A German markets regulator has filed a complaint with prosecutors alleging that shares of Wirecard were manipulated by someone who potentially had prior knowledge of a forthcoming damaging article written by the Financial Times, according to Reuters.
Wirecard’s stocks fell after the Jan. 30 article was released, accusing the payments company of financial malfeasance.
The Federal Financial Supervisory Authority, known as BaFin, said the complaint centered around about 12 people it suspected in a short sale attack. Bafin also said it was investigating other cases of possible market manipulation in the case.
“We have filed a complaint to the Munich Prosecutor’s Office citing suspected market manipulation in the form of a short-selling attack on Wirecard AG,” BaFin said, according to the report.
The regulator doesn’t have the authority to file charges, but the prosecutor does, and it’s also investigating FT reporter Dan McCrum, the report said.
The articles were spurred by a whistleblower who claimed the company was involved in fraud and creative accounting at Wirecard’s Singapore office. The articles resulted in the company losing $10 billion in stock market value, and it also started a police investigation.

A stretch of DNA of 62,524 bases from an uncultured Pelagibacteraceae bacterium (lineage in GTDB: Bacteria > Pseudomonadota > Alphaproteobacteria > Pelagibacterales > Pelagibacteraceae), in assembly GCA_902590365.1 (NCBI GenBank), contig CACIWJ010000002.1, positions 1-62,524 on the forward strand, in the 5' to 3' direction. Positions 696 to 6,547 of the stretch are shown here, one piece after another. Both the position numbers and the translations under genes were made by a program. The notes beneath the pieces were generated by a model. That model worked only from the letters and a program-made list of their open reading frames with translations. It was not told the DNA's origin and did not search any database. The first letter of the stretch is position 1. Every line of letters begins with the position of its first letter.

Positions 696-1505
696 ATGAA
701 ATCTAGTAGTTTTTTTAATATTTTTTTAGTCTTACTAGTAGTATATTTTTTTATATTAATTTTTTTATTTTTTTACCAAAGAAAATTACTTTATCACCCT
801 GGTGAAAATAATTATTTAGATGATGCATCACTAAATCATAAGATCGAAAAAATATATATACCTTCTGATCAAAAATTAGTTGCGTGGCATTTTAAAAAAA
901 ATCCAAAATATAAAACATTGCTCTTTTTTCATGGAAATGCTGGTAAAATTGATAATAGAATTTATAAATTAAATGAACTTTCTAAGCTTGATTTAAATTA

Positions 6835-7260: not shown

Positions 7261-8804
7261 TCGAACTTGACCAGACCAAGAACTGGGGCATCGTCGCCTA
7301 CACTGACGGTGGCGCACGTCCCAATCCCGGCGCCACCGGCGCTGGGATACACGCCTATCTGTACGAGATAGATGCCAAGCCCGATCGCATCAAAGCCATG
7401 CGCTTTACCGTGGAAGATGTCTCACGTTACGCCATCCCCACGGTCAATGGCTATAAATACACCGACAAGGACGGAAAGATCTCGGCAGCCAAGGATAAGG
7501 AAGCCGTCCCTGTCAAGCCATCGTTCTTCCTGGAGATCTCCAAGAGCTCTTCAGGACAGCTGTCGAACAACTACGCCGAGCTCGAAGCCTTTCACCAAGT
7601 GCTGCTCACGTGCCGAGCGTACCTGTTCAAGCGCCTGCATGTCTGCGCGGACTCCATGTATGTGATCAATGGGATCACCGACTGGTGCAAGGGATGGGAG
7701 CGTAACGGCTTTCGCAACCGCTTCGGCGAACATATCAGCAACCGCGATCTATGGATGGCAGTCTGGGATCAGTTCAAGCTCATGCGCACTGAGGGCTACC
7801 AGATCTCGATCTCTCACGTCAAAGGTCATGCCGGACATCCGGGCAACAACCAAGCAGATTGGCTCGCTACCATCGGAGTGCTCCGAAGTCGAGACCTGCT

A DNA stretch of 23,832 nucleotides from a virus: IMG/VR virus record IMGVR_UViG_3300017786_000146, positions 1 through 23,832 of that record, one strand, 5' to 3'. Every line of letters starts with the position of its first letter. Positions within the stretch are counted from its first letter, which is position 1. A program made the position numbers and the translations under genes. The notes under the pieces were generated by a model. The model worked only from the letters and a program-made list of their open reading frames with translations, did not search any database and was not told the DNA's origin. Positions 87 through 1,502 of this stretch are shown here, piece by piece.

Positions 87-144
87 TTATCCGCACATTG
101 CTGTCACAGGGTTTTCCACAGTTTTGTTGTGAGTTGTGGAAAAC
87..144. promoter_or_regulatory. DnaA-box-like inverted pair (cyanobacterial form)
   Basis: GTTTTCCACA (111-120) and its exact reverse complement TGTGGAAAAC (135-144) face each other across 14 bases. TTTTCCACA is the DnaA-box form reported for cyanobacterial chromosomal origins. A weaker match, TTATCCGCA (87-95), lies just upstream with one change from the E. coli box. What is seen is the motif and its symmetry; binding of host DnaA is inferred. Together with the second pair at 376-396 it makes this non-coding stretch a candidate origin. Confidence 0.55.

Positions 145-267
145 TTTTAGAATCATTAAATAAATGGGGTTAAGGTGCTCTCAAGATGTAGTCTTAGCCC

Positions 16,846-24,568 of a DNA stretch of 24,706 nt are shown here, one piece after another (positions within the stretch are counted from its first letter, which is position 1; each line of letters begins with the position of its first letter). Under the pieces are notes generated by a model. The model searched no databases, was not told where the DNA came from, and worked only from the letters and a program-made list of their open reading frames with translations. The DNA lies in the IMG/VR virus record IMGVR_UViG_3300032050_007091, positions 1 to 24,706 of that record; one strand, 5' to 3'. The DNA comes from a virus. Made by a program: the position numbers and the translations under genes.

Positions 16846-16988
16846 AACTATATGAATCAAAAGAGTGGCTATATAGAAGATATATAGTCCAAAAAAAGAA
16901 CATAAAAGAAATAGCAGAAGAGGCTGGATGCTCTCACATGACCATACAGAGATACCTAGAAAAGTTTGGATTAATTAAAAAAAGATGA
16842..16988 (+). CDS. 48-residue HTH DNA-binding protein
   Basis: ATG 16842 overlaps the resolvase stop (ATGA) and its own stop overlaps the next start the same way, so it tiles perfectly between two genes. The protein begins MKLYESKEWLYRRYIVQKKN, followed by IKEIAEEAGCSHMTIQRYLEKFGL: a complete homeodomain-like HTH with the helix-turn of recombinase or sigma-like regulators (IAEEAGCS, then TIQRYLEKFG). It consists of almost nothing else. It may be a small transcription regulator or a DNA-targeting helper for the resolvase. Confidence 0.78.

Der Spiegel, a German news organization, reported that the market manipulation investigation had nothing to do whether the FT articles were truthful or not. Wirecard has vigorously denied doing anything wrong, and said that a recently completed investigation by outside law firm Rajah & Tann proves as much.
After the articles came out, the company said: “Wirecard notes yesterday’s article in the Financial Times. This is the third time that the same highly confidential documents from a compliance audit have been used as the basis for a defamatory media coverage.”
It went on to say that “these allegations have been investigated in a robust compliance process both by our internal compliance team and by an independent investigation.”
Wirecard said there was no evidence of wrongdoing and that it was “taking legal actions against the FT and its unethical reporting.”
The Financial Times has said it stands by its reporting.
The investigation by BaFin centers around whether someone was tipped off about the FT article and was trying to profit from the declines. BaFin put a two-month ban on short sales in Wirecard right after the stock fell. That ban is due to expire on Thursday, and it’s not known whether it’s going to be extended.